Primary Sources: Preventing Youth Suicide

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Photograph of a young person looking down with arms crossed.

Suicide Patterns and Association With Predictors Among Rhode Island Public High School Students: A Latent Class Analysis” (abstract), American Journal of Public Health, Vol. 100 No. 9, September 2010. 

What it's about: The authors used Rhode Island's Youth Risk Behavior Survey to examine which factors may be associated with youths' planning or attempting suicide. The 2,210 randomly selected high-school-age young people identified their age, gender, grades and sexual orientation. They also reported whether or not they smoked, felt overweight, felt safe at school, had been forced to have sex, or spoke a language other than English at home. The authors organized the findings into four classes, or degrees of suicide risk:

  • Class 1: emotionally healthy youth (the comparison group)
  • Class 2: youth who considered and planned suicide
  • Class 3: youth who attempted suicide
  • Class 4: youth who both planned and attempted suicide

Why read it: Unlike previous studies that examine specific factors that may indicate suicide risk, this study uses a method that associates risk factors with particular patterns of behavior. For example, youth who were gay, bisexual or unsure of their sexual orientation fit into classes 2, 3 and 4, while other factors, such as receiving failing grades in school, were unique to one class (in this case, class 2).

Biggest take away for youth workers: Suicide is preventable. The authors recommend that parents, teachers and youth workers work together to screen adolescents for depression and risk of suicidal behavior, especially if they fall into a high-risk group.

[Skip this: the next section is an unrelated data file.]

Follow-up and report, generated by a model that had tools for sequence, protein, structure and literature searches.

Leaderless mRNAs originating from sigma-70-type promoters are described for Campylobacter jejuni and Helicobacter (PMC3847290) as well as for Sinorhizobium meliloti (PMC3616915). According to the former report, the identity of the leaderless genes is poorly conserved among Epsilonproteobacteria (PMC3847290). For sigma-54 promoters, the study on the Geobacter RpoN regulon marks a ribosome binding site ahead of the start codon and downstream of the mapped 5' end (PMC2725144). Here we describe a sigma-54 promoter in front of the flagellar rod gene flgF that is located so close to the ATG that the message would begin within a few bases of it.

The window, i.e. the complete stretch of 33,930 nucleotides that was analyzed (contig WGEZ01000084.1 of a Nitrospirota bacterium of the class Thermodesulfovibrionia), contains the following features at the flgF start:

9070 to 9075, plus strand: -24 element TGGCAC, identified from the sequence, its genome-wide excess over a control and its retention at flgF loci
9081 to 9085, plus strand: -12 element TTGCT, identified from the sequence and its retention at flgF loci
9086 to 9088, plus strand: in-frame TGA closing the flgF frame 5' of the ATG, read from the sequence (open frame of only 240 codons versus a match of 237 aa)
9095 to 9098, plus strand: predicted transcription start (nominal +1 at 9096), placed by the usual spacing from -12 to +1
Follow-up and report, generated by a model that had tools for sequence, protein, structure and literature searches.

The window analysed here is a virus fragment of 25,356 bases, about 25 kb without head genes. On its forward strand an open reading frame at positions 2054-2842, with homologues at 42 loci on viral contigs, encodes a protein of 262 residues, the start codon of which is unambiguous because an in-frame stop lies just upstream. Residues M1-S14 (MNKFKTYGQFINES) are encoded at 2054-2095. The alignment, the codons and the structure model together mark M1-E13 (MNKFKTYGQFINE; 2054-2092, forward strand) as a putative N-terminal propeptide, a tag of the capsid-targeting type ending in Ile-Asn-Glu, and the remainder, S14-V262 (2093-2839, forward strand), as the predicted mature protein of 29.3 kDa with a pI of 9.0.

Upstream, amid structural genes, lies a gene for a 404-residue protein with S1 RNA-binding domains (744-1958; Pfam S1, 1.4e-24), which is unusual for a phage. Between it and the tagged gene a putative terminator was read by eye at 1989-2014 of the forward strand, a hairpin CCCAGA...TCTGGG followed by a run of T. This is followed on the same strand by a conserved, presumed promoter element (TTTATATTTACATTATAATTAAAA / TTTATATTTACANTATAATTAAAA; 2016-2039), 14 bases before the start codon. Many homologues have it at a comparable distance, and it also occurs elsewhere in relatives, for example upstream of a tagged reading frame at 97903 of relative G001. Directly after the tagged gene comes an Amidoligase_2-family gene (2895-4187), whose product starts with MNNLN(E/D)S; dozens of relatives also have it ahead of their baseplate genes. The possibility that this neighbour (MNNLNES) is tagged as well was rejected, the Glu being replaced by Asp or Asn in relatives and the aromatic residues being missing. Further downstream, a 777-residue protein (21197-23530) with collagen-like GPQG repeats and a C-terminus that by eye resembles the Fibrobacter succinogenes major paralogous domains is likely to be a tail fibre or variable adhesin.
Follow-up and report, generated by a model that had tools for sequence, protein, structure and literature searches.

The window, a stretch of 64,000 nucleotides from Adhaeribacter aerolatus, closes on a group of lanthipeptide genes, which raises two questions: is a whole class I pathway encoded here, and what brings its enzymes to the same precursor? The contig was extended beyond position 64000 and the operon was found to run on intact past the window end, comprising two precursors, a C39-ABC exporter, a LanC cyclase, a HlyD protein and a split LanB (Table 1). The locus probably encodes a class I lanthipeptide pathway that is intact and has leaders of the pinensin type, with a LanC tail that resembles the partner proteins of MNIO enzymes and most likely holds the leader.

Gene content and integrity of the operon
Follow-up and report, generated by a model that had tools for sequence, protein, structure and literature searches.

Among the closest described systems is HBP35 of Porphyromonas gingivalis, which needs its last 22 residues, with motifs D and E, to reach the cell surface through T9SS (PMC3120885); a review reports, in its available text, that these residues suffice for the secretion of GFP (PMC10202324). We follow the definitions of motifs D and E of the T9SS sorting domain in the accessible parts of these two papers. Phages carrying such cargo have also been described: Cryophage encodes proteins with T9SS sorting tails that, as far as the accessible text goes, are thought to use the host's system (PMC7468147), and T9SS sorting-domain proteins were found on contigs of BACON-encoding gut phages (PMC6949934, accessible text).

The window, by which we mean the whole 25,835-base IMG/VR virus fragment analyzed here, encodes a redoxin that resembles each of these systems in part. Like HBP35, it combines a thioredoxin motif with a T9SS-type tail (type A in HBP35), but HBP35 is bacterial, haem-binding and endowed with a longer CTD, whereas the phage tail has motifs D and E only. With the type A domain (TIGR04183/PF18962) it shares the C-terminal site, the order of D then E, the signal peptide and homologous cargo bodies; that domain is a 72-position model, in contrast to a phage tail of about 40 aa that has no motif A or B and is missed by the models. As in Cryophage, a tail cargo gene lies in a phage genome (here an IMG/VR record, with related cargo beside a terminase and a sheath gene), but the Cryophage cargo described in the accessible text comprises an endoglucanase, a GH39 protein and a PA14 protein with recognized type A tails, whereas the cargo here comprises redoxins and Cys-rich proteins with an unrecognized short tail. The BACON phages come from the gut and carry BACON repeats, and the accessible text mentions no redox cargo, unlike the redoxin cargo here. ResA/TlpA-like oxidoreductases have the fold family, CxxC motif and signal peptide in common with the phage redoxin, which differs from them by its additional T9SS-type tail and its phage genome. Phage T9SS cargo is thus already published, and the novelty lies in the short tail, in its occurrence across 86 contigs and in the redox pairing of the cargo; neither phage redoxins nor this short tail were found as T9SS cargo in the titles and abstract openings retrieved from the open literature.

Additional reference: The Centers for Disease Control and Prevention’s latest national report on the Youth Risk Behavior Survey (PDF, 3.51 MB) includes results on suicide starting on page 9. In addition, SAMHSA’s National Registry of Evidence-Based Programs and Practices includes SOS Signs of Suicide, a two-day program schools and community-based organizations can use to screen adolescents for suicide risk and depression and to teach them how to seek help. And NCFY has written about preventing suicide among lesbian, gay, bisexual and transgender youth and red flags for suicide in The Exchange, our e-magazine for youth workers.

National Suicide Prevention Lifeline: 1-800-273-TALK (1-800-273-8255)

The Trevor Lifeline: 1-866-4-U-TREVOR (1-866-488-7386)

(Publications discussed here do not necessarily reflect the views of NCFY, FYSB or the Administration for Children and Families. Go to the NCFY literature database for abstracts of this and other publications.)

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